Outlook – For incoming information to be shared, email makes it easy to forward information, particularly if a group send has been set up. It is also the easiest way to track conversation threads.
MyEdBC – this is the easiest way to contact families quickly and easily. It also allows me to keep classroom teachers apprised of what is going out to parents.
Office 365 Platform:
The Vancouver School Board has adopted this platform to communicate with staff and students. My experience tells me the information is most accessible if the name of the TEAM channel is descriptive enough for staff to access what they are looking for. Each channel allows you to pin up to three documents to the top of the FILES section within that channel for ease of access. The Livingstone Staff Classroom also allows staff to access information from committee meetings and participate in decision making to the extent they desire.
The Vancouver School District has just created an “All Livingstone Student” Classroom (group of all students in the school). My intended purpose was to provide an online Health & Safety Orientation to those students not yet attending. However, it is turning out to be a great way to reach out to students in a way that emailed letters to students and video Tweets have not.
There is also a TEAM for District initiatives, information, learning and meetings.
I love this format of presenting information because it allows you to share a great deal of information in a highly visual way. In Spring, one Kindergarten teacher went on Maternity leave, another retired and the final teacher had not yet been hired. It allowed me to provide a virtual tour to our new Kindergarten students. It also allowed me to provide a Health & Safety Orientation that could be referenced by students and is now my standard newsletter format.
Forms provides templates for you to secure information about opinions. It has been used by the VSB to solicit parent information. I also used it to secure intake information from our Kindergarten families and information from teachers about their thoughts and requests. This method of getting feedback enabled me to involve staff in decision making when we shifted to an online platform in March.
Livingstone Elementary School Website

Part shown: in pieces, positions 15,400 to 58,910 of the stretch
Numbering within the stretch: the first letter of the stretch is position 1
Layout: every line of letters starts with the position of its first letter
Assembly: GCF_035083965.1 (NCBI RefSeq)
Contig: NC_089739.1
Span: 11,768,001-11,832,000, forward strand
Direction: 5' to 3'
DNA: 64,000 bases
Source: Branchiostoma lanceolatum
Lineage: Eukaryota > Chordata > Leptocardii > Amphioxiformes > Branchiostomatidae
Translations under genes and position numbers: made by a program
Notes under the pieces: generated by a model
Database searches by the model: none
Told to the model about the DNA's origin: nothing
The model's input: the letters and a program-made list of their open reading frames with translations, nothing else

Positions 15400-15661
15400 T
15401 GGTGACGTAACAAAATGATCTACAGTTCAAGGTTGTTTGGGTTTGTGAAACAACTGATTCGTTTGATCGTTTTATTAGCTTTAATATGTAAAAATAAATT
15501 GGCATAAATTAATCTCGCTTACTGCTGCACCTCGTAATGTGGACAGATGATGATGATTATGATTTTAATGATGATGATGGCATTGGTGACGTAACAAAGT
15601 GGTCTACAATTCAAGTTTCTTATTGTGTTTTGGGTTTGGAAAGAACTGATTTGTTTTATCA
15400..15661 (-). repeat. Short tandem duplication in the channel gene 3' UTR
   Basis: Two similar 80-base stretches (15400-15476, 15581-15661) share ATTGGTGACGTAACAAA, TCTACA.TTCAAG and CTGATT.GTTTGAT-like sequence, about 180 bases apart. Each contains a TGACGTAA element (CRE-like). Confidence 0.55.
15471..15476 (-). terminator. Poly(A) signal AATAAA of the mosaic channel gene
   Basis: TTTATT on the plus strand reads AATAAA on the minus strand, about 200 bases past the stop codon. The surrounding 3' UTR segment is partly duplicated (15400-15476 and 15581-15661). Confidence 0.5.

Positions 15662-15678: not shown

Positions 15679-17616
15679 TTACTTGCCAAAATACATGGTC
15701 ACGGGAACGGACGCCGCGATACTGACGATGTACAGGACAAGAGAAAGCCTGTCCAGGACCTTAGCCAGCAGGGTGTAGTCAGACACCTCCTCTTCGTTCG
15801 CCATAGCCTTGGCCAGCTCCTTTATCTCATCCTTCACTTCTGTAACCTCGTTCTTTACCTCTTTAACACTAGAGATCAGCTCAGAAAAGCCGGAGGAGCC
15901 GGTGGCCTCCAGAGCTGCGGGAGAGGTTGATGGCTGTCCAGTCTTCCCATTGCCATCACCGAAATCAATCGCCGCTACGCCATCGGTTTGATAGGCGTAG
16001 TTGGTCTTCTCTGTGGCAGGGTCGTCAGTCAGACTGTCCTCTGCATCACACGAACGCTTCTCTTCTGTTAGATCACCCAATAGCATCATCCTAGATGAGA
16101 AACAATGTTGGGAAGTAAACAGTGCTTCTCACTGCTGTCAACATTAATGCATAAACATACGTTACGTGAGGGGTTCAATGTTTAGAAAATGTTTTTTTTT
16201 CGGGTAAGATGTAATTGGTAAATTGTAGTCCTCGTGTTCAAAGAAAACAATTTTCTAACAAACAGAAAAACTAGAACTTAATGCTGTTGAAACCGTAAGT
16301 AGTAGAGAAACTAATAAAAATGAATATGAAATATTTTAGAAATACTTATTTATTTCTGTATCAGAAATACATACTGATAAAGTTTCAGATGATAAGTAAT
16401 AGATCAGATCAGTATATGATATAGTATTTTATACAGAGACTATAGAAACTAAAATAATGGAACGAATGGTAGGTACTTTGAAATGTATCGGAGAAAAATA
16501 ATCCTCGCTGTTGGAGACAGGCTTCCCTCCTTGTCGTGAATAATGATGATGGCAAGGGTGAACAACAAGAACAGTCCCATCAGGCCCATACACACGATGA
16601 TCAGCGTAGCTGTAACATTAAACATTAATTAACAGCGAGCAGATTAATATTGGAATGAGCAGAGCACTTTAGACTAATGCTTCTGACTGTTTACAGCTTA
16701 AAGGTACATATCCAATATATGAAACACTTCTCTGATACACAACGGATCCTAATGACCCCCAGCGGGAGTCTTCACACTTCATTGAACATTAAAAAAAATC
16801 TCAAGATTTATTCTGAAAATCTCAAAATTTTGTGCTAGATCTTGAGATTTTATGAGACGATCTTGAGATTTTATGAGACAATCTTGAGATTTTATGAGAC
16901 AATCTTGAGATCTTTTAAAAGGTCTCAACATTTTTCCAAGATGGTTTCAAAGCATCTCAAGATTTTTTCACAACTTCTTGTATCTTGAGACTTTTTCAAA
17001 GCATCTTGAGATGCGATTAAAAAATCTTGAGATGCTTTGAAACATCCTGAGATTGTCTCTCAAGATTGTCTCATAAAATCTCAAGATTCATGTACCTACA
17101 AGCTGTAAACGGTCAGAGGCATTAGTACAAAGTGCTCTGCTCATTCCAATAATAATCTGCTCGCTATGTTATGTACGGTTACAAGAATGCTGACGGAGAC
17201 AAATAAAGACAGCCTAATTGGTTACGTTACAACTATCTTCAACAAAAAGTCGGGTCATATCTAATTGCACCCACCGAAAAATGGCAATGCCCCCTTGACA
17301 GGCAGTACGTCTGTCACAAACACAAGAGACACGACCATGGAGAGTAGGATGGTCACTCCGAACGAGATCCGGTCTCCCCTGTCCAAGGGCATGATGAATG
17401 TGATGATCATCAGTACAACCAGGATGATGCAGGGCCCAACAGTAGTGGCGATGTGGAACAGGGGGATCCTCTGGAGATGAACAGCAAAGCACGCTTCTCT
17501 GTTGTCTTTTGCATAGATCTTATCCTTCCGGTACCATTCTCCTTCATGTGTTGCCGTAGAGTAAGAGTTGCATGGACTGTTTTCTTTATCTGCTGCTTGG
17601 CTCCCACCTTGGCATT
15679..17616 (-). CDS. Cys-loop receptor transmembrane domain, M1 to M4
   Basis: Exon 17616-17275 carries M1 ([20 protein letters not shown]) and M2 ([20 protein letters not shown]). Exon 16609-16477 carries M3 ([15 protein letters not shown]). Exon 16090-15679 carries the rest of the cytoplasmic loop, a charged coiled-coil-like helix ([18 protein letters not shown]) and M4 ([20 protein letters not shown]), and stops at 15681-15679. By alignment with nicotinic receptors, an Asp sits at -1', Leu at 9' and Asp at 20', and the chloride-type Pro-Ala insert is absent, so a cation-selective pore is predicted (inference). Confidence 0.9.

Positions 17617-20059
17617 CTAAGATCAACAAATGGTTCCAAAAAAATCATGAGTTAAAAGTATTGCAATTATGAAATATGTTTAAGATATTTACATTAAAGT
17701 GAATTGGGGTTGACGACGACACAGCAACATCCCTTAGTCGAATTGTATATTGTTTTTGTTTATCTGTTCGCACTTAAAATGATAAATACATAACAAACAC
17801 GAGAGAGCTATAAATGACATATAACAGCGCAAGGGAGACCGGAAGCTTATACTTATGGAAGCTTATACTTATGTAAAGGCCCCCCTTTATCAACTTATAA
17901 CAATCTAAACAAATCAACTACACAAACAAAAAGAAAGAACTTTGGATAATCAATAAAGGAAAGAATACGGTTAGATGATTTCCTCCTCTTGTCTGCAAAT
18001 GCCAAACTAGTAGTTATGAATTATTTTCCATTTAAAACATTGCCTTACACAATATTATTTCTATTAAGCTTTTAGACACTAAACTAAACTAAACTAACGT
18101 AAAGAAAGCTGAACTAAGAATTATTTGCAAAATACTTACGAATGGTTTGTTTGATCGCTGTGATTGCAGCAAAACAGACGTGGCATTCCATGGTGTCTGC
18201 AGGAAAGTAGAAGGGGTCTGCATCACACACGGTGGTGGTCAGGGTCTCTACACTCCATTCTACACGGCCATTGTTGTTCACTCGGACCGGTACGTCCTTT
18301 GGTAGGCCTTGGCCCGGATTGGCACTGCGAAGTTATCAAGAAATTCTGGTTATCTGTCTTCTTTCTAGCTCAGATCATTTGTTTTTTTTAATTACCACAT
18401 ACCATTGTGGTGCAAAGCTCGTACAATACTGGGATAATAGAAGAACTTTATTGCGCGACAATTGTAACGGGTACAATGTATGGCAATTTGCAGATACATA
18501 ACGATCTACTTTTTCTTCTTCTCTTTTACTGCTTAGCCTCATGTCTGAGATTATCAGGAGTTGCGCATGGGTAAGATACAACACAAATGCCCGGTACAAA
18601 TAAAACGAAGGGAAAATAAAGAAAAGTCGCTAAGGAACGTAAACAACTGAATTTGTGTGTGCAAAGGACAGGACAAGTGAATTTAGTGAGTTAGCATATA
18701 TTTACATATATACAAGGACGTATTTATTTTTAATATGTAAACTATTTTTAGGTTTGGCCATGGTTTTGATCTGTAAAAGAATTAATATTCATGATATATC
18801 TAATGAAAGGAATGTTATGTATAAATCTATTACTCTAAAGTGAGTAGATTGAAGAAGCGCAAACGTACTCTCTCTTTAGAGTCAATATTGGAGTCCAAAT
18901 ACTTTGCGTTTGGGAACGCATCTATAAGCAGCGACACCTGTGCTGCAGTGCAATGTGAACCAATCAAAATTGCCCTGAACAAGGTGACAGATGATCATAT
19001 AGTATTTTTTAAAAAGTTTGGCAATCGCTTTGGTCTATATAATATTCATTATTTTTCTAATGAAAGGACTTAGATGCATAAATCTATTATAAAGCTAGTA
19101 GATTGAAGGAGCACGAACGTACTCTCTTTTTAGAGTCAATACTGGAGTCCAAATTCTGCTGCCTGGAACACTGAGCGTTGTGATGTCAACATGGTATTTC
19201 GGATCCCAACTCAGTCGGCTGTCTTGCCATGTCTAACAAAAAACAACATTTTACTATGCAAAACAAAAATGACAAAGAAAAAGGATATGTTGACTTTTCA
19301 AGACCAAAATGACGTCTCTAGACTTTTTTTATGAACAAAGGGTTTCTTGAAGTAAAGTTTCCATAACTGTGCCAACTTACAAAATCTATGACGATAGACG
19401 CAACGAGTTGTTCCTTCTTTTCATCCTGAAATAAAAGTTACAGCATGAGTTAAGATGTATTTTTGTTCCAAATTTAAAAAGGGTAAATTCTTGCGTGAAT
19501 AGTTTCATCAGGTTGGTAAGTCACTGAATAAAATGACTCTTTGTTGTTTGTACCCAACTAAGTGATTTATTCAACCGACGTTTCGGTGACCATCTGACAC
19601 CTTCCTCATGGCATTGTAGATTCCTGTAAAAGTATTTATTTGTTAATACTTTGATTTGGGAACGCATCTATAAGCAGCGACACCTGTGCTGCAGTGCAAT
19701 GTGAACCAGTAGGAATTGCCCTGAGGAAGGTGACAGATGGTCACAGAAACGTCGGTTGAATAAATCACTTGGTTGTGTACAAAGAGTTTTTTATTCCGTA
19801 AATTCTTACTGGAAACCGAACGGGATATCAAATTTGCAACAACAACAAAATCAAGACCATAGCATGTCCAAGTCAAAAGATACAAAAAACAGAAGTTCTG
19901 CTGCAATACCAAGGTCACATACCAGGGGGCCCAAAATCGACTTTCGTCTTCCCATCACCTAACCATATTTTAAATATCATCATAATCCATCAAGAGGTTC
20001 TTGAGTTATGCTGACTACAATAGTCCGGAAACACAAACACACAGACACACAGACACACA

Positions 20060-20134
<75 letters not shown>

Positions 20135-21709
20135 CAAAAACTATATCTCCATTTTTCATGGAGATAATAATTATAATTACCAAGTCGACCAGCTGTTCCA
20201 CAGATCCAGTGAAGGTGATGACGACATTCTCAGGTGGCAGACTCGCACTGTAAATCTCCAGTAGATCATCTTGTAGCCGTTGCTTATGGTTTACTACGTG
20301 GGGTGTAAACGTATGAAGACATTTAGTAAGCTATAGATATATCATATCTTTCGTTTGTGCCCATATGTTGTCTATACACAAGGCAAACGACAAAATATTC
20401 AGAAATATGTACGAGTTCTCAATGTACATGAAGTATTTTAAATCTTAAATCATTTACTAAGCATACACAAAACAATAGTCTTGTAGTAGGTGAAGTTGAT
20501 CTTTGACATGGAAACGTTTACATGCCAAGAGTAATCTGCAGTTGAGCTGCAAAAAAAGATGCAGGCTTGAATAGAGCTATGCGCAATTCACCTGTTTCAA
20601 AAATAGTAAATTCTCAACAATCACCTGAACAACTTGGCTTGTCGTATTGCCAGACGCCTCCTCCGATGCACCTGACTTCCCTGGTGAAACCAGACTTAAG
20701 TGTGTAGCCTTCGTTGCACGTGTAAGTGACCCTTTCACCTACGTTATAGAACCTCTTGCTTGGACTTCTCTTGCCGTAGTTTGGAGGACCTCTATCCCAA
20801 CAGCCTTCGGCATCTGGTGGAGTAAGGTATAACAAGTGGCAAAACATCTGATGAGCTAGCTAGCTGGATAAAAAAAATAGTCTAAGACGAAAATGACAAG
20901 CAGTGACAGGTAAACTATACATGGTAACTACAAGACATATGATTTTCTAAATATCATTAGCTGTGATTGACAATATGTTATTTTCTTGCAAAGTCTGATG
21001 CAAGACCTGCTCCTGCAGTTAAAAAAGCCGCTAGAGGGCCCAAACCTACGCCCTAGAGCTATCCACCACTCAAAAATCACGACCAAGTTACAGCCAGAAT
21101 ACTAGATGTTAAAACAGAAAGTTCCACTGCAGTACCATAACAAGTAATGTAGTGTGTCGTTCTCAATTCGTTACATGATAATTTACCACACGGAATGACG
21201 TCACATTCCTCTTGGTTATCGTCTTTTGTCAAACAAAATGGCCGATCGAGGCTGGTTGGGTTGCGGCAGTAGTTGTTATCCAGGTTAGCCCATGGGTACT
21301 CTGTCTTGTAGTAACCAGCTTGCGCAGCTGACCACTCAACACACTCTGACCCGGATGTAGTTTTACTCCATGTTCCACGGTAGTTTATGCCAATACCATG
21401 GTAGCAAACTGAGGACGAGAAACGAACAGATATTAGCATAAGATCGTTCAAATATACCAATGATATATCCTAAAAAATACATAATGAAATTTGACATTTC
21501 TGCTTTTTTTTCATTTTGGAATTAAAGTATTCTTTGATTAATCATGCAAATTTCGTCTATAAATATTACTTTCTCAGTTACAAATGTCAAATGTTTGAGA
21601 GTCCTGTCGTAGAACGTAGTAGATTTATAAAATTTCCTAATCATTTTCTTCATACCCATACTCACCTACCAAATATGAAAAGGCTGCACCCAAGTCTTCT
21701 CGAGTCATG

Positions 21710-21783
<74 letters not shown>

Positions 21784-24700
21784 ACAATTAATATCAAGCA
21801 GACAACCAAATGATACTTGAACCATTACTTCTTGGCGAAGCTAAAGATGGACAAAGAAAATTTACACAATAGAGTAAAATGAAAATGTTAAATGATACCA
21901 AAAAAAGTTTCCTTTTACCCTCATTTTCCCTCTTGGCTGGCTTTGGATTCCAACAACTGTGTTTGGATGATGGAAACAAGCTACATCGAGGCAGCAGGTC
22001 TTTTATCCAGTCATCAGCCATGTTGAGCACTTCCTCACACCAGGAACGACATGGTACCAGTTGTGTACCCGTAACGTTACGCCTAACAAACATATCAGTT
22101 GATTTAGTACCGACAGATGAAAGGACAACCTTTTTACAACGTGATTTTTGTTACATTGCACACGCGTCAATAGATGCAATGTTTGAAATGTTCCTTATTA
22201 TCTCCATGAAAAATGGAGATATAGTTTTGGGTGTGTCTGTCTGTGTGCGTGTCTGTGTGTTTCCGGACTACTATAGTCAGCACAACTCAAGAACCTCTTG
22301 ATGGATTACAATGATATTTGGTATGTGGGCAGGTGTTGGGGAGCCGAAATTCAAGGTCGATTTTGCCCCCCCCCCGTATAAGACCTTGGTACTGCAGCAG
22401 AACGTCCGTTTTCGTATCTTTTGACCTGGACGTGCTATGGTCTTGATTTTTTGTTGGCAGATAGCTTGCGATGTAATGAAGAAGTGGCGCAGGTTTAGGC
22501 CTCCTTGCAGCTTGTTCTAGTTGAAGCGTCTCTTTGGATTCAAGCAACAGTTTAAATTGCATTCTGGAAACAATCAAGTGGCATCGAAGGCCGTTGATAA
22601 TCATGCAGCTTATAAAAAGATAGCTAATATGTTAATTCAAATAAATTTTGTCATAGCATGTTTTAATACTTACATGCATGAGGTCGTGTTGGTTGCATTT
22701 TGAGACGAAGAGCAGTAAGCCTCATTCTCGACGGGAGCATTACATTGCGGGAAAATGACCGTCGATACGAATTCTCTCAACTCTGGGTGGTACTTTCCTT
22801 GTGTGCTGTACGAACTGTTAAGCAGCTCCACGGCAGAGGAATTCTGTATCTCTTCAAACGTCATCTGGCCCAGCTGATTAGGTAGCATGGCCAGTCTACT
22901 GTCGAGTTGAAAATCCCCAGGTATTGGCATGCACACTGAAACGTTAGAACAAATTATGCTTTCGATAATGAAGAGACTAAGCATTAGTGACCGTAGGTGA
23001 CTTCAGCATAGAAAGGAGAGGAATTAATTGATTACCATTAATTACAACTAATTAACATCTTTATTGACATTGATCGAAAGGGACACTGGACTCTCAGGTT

Never has it been more important to have an up to date website. I’ve gotten better at providing links to sources that regularly date their information like the Vancouver School Board. The VSB has also gotten good at fanning out pertinent information directly to school websites.
I am still a big fan of Twitter both to share good news stories and interesting information. It is linked directly on to our school website, so families do not need to have a Twitter account to access information. The biggest challenge is making students aware of whether they have permission to have their picture on the school website. Parents need to understand that they have every right to decide if they want to sign the school media release form or not. They need encouragement to share their reasoning even with our youngest students.
I have not set up a school Facebook account. However, the Livingstone PAC has set up a very active fb site. Good communication with parents will help you to stay apprised of the issues and concerns of the school community, so you can attend to them directly.
4. Continue to tap into the Joy of Learning
The other day I got feedback from a parent that was unexpected but also very much appreciated. She thanked me for not forgetting the fun. She noticed the efforts to provide “friendly” reminders of two metres without making them scary – butterfly nets with ribbons, one pool noodles plus part of another pool noodle to make it exactly two metres, pinwheels with ribbon, and plastic parachute men from the dollar store. She appreciated the four hours of taping by Mr. Froese to make perfect roadways in the hallways to direct students and the moose crossing signs to keep people on their route – all featured in the sway presentations. She also noted the increased opportunities for outdoor learning and inquiry projects.
I have spoken before of how my daily quest for joy usually takes me to the playground. I have assigned two school wide assignments via SWAY and on the ALL Livingstone Students TEAMS classroom. Students can keep track in their student planner and they can form a springboard for future student learning. They have been great ways to stimulate the conversation and focus social-emotional learning, positive mental health and literacy development.
Gratitude Log – This assignment is to focus attention on the things that are good in the world. It is an effort to have students slow down and pay attention to what is happening around them.
Reading Log – I’m a big believer that if you don’t like to read, you haven’t met the right author or the right book. It all begins with a conversation about what you’re reading. Reading relationships are instrumental in developing new perspectives and comprehension skills.
5. Take Care of Each Other:
Back when I was a Resource teacher at Maple Creek Middle School, one of my colleagues, Wayne Rogers, nicknamed me the Tazmanian Devil. I have a long established history of walking quickly and getting things done. It did not work for me on the wet hallway the other day. I went down hard, jumped up in embarassment, and left school to nurse my twisted knee, strained ankle and possibly fractured scaphoid. The physiotherapist ordered me home to apply heat and rest. One of my teachers sent me a text ordering me to stop working. Her assessment was that I work too hard, I needed to binge watch Netflix, eat buttered popcorn, and she followed up with a list of excellent binge-worthy possibilities. Good advice. Knee and ankle are fine. Wrist braced. Perhaps the biggest take away is we all need to take care of each other.
Ray Ferch, Shann, & Spears, Larry C. eds.(2011). The Spirit of Servant-Leadership. Paulist Press, New York.
Wheatley, Margaret (2010). Perseverence. Berrett-Koehler Publishers, Inc., San Francisco.
I always love the conversations and written feedback that come out of these blog posts. Please respond with the things you are trying. I’m still looking for the magic bullet to make everything better 🙂